hw6s - Cs445 Homework#6 Network Flow Computational Geometry...

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Cs445 — Homework #6 Network Flow, Computational Geometry and Dynamic Programming Due: 5/3/2005 during class meeting. 1. Run the for line-sweep algorithm for finding if two segments intersect for the example in Figure 1. Answer: The solution appears in Figure 1. Lines { lscript 1 . . . lscript 8 } denote the event points. Below the line numbers, the sweep-line status is indicated. At lscript 8 , segments s 1 and s 5 become consecutive in the total order. Hence, an intersection is found and the algorithm returns TRUE. 2. In the Graham-scan algorithm for computing CH ( S ), what is the maximum number of pop operations that can be executed when the algorithm reaches the i ’th point ? Answer: Let p 0 be the first vertex of CH ( S ) in the Graham-scan algorithm. Let m denote the number of points other than p 0 that remain after step 2 of the algorithm. Note: m n - 1 .The three points p 0 , p 1 and p m are never popped from the stack. Hence at most m - 2 pop operations can be performed in total. Let maxpop i denote the maximum number of pop operations that can be ex- ecuted when the algorithm reaches the i ’th point and pop i denote the actual number of pop operations performed when the algorithm reached the i ’th point. No pop operations are performed when i = 0 , 1 , 2 . Hence, maxpop i for different values of i where i takes on values { 3 . . . m } is :- pop i = 0 when i = 0 , 1 , 2 maxpop i = i - 2 - i - 1 j =2 pop j when i = { 3 . . . m } 3. Let V [1 ..n ] be an array containing the vertices { v 1 . . . v n } of a convex P , in a clockwise order. See figure 2. Assume that no edge of the polygon is vertical. 1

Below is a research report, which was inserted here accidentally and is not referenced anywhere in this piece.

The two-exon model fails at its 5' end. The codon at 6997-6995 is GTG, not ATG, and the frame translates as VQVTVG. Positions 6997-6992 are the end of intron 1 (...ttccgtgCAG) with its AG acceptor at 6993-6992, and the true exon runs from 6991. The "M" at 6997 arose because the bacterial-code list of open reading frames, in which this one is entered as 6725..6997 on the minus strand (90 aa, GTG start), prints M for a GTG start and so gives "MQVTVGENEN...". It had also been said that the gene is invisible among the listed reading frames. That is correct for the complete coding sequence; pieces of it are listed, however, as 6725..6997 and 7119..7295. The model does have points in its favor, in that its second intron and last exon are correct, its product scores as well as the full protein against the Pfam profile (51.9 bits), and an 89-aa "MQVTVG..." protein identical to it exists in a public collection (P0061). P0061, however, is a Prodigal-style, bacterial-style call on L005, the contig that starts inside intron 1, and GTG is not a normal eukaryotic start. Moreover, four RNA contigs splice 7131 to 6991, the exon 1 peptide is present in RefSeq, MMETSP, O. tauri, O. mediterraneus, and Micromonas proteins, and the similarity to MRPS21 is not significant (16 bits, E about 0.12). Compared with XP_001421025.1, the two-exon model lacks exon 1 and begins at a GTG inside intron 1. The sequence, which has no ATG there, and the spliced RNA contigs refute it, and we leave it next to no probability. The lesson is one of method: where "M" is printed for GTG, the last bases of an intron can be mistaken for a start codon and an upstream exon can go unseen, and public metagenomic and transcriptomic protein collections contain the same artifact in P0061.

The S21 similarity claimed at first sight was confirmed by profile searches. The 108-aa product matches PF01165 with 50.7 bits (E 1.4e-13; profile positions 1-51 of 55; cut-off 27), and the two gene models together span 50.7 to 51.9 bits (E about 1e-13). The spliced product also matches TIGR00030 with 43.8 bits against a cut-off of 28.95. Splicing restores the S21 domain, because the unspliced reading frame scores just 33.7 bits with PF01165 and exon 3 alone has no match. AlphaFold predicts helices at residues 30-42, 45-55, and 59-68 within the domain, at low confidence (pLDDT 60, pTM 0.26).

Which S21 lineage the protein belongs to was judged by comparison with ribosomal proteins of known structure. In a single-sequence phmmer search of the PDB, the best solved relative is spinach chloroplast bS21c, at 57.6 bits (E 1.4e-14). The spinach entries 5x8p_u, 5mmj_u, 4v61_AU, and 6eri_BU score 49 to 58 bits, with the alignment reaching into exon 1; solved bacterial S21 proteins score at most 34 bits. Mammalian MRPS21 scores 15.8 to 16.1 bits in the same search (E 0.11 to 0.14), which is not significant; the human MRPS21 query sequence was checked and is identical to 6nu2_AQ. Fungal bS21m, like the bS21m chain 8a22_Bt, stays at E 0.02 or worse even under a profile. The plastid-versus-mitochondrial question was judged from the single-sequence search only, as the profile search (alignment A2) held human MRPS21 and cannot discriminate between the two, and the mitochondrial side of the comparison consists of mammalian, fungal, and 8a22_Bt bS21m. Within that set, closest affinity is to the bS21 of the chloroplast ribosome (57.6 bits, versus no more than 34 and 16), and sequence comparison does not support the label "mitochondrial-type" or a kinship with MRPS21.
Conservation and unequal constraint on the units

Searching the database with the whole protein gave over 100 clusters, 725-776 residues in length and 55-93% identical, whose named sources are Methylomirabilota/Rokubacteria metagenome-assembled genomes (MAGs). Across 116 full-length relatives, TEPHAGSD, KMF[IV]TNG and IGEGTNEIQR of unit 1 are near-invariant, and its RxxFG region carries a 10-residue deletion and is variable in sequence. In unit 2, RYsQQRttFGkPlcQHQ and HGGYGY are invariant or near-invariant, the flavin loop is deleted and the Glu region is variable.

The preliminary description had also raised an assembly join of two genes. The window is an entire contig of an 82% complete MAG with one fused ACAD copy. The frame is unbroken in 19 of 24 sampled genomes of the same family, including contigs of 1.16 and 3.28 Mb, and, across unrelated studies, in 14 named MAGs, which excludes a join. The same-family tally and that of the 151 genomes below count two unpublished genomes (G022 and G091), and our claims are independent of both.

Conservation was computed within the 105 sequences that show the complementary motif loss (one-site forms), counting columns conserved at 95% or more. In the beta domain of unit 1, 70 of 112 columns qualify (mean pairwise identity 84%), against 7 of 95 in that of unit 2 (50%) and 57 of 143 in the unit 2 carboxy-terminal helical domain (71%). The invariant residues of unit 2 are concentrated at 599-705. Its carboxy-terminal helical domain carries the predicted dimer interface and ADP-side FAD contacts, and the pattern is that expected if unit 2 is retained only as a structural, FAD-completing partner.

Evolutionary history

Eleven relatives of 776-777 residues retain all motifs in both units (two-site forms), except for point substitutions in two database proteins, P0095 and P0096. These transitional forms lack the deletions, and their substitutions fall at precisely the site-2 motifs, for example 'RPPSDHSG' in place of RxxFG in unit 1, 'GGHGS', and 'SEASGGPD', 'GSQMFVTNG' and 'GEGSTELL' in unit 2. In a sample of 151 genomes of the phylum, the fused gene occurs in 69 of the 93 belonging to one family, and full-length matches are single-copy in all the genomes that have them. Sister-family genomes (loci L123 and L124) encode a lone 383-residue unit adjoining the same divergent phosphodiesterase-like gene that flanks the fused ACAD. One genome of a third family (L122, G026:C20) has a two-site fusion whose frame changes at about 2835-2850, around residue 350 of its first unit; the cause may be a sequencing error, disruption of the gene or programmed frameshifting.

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s 1 s 2 s 3 s 4 s 5 lscript 1 lscript 2 lscript 3 lscript 4 lscript 5 lscript 6 lscript 7 lscript 8 Figure 1: v 1 v 2 v 3 v 4 v 5 v 6 v 7 v 8 v 9 v 10 P Figure 2: Example: The rightmost point of P is v 3
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Prove that the rightmost point of P is a vertex of P , and describes a function that receives as input pointers to the first and last elements of V , and returns as output the rightmost vertex of V (the vertex with the largest x -coordinate). Assume that V is already in memory, and you do need to spend time processing the whole array. The running time of the function is O (log n ). Answer: Basically we are using standard binary search, but there are a few saddle details that we need to consider. Let R denote the rightmost vertex of P . Since the vertices of P appear along V in a clockwise order, we can compare the x -coordinate of V [ i ] and V [ prev ( i )] and V [ next ( i )] and find whether V [ i ] is R , and if not, whether V [ i ] is on the upper part of P or the lower part. Here next ( i ) = i + 1 if i < n , and next ( n ) = 1 . prev ( i ) = i - 1 if i > 1 , and prev (1) = n . Let V [ i ] .x denote the x -coordinate of V [ i ] . We set l = 1 , mid = floorleft n/ 2 floorright and r = n . Clearly at least one of the set of vertices ( V [ l ] , V [ next ( l )] , . . . V [ mid ]) , and ( V [ next ( mid )] , . . . V [ r ]) contains R . There are several cases that we need to check to find which set it is, depending which of the three vertices V [ l ] , V [ mid ] , V [ r ] are on the upper part of P , and which are on the lower part, and their x -coordinate.
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